For novices, it might help to think of the Y axis () of the graph in Fig.2 as being the potential energy where is the weight of an object and is how high the object is above the surface of the earth. You can think of the X axis () of the graph as the horizontal displacement of the object on the surface of the earth. Now imagine two buildings separated by a wall. Call the height of the wall . The right building has two floors 0 and 2 and the left one has two floors 1 and 3. Both buildings also have a common floor 13. Floors that are higher than the wall, like floor 13, are connected and common to both buildings. Quantum mechanics allows a qubit to go from floor 0 to floor 1 or vice versa by walking through the wall (“tunneling”) instead of jumping over it. The bottoms of the buildings differ by in their elevations. It’s possible to vary the height of the separating wall (this would change ). It’s also possible to raise or lower one building with respect to the other (this would change ).
The D-Wave paper reports on an experiment where and both depend on time, varying approximately like step functions; that is, they rise from zero to a maximum value, doing this monotonically and fairly quickly. Let
- , the “delay time”, be the time at which reaches half of its maximum value.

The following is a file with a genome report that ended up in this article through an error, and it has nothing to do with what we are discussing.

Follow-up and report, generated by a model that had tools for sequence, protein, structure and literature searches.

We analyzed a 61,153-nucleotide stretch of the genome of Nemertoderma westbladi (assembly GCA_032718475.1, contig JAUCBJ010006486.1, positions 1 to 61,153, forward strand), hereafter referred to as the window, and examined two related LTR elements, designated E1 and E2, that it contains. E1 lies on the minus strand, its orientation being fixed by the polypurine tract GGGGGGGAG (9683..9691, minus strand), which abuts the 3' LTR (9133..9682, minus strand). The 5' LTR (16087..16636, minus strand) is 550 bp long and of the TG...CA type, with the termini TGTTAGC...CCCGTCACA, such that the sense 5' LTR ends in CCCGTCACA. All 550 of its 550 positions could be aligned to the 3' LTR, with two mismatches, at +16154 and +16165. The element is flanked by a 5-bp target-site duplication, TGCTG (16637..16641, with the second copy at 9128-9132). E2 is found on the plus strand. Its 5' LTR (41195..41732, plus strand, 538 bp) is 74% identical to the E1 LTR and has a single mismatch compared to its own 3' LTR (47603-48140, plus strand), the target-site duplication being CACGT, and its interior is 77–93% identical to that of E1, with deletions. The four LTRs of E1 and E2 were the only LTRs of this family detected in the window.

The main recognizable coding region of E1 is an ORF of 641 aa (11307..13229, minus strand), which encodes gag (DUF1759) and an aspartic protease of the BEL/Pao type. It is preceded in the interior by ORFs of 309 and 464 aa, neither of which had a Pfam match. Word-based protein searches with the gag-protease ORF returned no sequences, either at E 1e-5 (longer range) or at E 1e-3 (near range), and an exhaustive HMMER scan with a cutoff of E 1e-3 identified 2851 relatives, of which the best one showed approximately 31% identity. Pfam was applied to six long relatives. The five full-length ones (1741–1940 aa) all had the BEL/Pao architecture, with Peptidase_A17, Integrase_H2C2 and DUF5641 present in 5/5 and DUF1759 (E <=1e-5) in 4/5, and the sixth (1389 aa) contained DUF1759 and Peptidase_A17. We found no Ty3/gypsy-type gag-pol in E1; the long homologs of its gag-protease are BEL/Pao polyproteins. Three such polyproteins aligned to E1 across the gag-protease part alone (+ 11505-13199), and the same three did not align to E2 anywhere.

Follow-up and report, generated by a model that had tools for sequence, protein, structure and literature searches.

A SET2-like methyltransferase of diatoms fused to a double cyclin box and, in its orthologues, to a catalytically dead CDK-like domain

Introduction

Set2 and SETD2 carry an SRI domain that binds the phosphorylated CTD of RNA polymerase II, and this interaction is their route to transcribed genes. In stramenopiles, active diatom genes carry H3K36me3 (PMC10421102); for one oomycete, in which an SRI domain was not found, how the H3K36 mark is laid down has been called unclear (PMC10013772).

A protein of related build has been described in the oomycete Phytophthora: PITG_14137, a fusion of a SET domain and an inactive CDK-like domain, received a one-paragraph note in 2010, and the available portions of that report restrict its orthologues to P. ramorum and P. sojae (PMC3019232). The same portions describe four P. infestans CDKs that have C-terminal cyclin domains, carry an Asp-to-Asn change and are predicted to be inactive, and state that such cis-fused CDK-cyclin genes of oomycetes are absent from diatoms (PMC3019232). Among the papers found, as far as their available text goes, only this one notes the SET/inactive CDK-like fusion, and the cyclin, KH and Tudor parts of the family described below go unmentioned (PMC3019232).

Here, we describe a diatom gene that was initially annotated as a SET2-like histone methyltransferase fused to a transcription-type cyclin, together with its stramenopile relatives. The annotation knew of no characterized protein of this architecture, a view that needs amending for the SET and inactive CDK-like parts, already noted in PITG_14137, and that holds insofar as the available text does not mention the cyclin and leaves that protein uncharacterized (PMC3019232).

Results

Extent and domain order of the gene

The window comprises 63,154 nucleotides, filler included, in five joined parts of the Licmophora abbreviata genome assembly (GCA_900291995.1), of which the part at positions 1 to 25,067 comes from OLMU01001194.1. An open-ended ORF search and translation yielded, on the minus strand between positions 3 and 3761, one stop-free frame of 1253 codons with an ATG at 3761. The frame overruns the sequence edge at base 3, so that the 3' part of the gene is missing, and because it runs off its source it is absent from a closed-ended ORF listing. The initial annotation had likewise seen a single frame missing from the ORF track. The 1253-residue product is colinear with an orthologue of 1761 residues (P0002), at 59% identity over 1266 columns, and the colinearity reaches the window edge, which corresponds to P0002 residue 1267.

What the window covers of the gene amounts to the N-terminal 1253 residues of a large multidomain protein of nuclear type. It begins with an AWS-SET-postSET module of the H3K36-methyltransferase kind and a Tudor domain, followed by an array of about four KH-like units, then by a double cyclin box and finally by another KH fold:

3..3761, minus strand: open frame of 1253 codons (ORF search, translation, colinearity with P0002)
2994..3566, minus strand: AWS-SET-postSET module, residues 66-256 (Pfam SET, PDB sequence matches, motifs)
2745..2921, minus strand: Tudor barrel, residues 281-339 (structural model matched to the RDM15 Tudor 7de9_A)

- , the “freeze time”, be the time at which reaches half of its maximum value.
According to Suzanne Gildert, one could say that during the experiment, a snap-shot of the qubit was taken at each time . This allowed D-wave to obtain a snap-shot of the qubit in flagrante delicto, i.e., right at the time at which it was performing “the act” (probably praying or brushing its teeth).
For times less than , , so the wall between the two buildings has approximately zero height. Thus, at such times the potential energy curve is parabolic-looking (as one gets for a harmonic oscillator), and the Hamiltonian for all the qubits is approximately a trivial Hamiltonian, call it .
For times greater than , , so the wall between the two buildings has maximum height. Thus, at such times the potential energy curve is a double-well, and the Hamiltonian for all the qubits is a non-trivia Hamiltonian, call it .
Fig.3 shows a qualitative graph of and versus time. Actually, it shows two instances of , one instance in which so is said to be “early”, and one instance in which so is said to be “late”. Note that , where is Boltzmann's constant and is the temperature of the qubit.
In the EARLY case, (=the difference in the elevations of the bottoms of the two buildings) is changed BEFORE the wall between the buildings is erected. In this case, if the qubit initially occupies floors 0 and 1 with equal probability, it sees NO WALL blocking its way, so it ends up moving with high probability (which depends on temperature) to floor 0, which is the lowest floor of the lowest of the two buildings, and that's how it is found at freeze time.
In the LATE case, (=the difference in the elevations of the bottoms of the two buildings) is changed AFTER the wall between the buildings is erected. In this case, if the qubit initially occupies floors 0 and 1 with equal probability, it sees A HIGH WALL blocking its way, so it ends up not changing much, continuing to occupy floors 0 and 1 with equal probability, and that's how it is found at freeze time.
Fig.4 shows how changes with temperature for:
(1) a theoretical model that is quantum mechanical and assumes just two states and